A Cotswold nursery bags three awards at RHS Chelsea Flower Show
- Credit: Mandy Bradshaw
Cotswold Life's Mandy Bradshaw reports live from the 2021 RHS Chelsea Flower Show
Cotswold nursery Green Jjam has pulled off a golden hat-trick with a top medal for their first RHS Chelsea Flower Show display.
The penstemon specialists from Upton-upon-Severn added a gold medal to those won at RHS Hampton Court and RHS Tatton earlier this year.
‘It’s fantastic,’ said Julia Mitchell, who runs the nursery with her husband, Adam. ‘We’ve had one gold previously in 2015 so getting three with three very different stands at three very different shows during the last year we’ve had, has just been phenomenal.’
She added that being at Chelsea was ‘exciting and scary all at the same time.’
As well as being at Chelsea this week, the nursery is also at the Malvern Autumn Show this weekend.
Designer Alan Williams, who’s based at Birlingham, near Pershore, won a silver for The Parsley Box garden, his first solo design and his Chelsea debut.
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‘This whole experience feels like a ‘pinch-me’ moment,’ said Alan, who has previously won Best in Show and gold for a garden designed with Ruth Gwynn for the RHS Malvern Spring Festival.
‘It’s been a joy bringing the wonderful vision behind the garden to life over the past few weeks,’ he added.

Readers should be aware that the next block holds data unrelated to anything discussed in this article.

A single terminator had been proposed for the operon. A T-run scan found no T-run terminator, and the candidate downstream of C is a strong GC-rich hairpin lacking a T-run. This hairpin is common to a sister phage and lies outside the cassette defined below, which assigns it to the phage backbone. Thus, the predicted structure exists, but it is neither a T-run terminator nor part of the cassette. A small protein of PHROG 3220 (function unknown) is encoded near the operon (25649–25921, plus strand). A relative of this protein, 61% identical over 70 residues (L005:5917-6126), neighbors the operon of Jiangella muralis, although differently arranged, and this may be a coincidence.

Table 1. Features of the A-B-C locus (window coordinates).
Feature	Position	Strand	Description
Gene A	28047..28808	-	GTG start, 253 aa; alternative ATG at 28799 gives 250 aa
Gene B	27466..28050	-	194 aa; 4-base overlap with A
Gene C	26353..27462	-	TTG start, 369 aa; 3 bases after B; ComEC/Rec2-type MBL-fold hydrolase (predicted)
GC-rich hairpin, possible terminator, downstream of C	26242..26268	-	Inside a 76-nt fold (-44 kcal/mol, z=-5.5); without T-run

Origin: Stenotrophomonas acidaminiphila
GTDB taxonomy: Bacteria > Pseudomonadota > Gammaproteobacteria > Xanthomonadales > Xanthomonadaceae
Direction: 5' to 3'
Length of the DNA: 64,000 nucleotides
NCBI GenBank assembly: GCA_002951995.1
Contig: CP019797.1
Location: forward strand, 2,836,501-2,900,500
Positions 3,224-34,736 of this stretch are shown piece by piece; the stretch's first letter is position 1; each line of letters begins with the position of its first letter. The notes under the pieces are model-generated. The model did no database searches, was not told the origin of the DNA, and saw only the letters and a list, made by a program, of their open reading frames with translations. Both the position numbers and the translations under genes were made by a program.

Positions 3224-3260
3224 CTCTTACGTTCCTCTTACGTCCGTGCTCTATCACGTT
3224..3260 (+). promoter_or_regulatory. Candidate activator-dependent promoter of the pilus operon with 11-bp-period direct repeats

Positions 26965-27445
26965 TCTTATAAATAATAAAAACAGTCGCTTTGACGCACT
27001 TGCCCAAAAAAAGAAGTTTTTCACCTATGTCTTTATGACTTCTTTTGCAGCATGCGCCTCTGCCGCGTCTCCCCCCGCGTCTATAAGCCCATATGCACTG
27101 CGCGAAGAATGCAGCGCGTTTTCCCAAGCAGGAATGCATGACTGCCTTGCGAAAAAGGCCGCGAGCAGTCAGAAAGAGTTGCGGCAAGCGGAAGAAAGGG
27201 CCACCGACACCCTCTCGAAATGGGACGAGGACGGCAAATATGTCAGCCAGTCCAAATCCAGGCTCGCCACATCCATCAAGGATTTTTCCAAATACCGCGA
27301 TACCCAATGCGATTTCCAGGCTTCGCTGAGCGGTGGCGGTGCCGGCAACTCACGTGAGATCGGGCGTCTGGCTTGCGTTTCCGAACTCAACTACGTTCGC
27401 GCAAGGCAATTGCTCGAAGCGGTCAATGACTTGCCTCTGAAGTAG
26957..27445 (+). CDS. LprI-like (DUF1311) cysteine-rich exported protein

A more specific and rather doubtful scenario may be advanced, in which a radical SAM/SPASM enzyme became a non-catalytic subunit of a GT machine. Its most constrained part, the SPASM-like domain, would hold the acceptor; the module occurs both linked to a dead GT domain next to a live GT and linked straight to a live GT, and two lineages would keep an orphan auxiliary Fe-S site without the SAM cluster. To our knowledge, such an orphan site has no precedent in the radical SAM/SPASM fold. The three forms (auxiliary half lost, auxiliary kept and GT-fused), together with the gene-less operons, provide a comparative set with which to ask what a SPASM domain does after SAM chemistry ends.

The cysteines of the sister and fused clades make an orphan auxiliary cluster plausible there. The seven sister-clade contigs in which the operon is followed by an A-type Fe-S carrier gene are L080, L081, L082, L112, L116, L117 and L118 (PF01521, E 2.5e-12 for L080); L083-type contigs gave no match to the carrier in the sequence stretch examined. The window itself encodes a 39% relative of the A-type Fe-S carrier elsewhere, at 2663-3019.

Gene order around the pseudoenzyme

‘It’s been absolutely amazing and I haven’t stopped smiling from ear to ear.’
The Fairford Flower Collective also won silver for their floral window in the Great Pavilion.
The cut flower growers chose British Blooms as their theme and used their own flowers in a display to highlight the environmental cost of imported flowers.
Ruth Robinson, of The Cotswold Garden, put the exhibit together with the rest of the collective – Fi Passey, of Corky and Prince, Tessa Wardman, of Iris and Wilf, and Beth Bruce-Gardner, of Honeymoon Fern.
‘We’re all totally ecstatic,’ said Ruth, ‘and so proud that we’ve brought Cotswold-grown flowers to Chelsea.
‘It’s about looking after our environment and seeing the beauty in what is around you rather than looking further afield.’
Olive tree specialists Villaggio Verde, regular gold medal winners at the RHS Malvern Spring Festival, and aster specialist nursery The Picton Garden* were also making their RHS Chelsea debuts.
Jason Hale, of Worcestershire’s Villaggio Verde, created an Italian-style piazza at the heart of the Great Pavilion with olive trees, cannas and vibrant planting.
It’s a style that he’s known for in his Malvern show gardens: ‘It’s very much our signature and a lot of people have said ‘this looks Villaggio’.
‘It’s my first time at Chelsea and it’s been fantastic. I was nervous about coming but it’s been amazing.’
Nurseries have created barrow displays around the Villaggio installation, including one of asters by The Picton Garden.
It’s the first time RHS Chelsea has been held in September, a move that came when the usual May show was cancelled.
Cotswold designer Paul Hervey-Brookes, from Tetbury, has created an installation showing the best plants for combating pollution, mentored the new Container Garden section and judged the Sanctuary Gardens.
He welcomed the change in date: ‘I actually think a September show every once in a while would be really good because it reinvigorates how people engage with gardens.
‘There’s a real issue in that people think gardening stops in July or August. So, if we had this once every three or five years, people would see late season as a period to be celebrated on a big scale.’
The RHS Chelsea Flower Show runs until September 26.